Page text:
reports what it sees to the brain about 20-25 times a second. This is the basis of how movies
work: you flash a whole bunch of images in front of the eye at at least that rate (20-25 hertz
), and as far as the eye is concerned, it looks like fluid motion.
Now, let's take one of these frames that last for about 1/25 of a second (about 40 milliseconds). What happens if an object moves a significant distance during this period? The the object will not appear to the eye as a sharp-edged object, but will be blurred because it reflected light to the viewer's eyes from a number of positions. This is called motion blur.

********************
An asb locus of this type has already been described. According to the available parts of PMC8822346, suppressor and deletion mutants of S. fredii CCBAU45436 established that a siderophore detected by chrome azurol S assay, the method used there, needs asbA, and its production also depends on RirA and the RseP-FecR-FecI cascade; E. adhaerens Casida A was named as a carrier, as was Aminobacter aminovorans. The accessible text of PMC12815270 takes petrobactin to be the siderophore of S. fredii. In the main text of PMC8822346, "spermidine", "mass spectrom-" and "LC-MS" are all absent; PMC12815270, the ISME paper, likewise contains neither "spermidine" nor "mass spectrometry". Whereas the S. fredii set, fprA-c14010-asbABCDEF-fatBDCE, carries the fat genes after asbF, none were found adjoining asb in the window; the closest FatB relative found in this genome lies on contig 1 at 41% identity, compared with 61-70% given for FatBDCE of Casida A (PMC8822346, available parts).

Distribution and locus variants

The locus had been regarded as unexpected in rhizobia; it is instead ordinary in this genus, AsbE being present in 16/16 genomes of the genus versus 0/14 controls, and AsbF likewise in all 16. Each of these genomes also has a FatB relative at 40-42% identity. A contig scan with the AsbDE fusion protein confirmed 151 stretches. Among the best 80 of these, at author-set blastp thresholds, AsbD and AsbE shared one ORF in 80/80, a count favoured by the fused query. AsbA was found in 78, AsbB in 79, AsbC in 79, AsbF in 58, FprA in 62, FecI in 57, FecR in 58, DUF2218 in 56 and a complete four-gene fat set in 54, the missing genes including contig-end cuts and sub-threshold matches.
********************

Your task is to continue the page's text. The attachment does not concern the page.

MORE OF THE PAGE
It's a phenomenon that can also be observed in photographs, especially with low shutter speeds. Sometimes this is deliberately used to create special effects, like those "running city" shots that have lines where all the car's headlights have been.
It's also made its way into computer graphics. Without motion blur, images look to sharp, and they can cause a queazy reaction among some people, since they look unrealistic. There is even beginning to be hardware support for motion blur on 3D cards for PC's.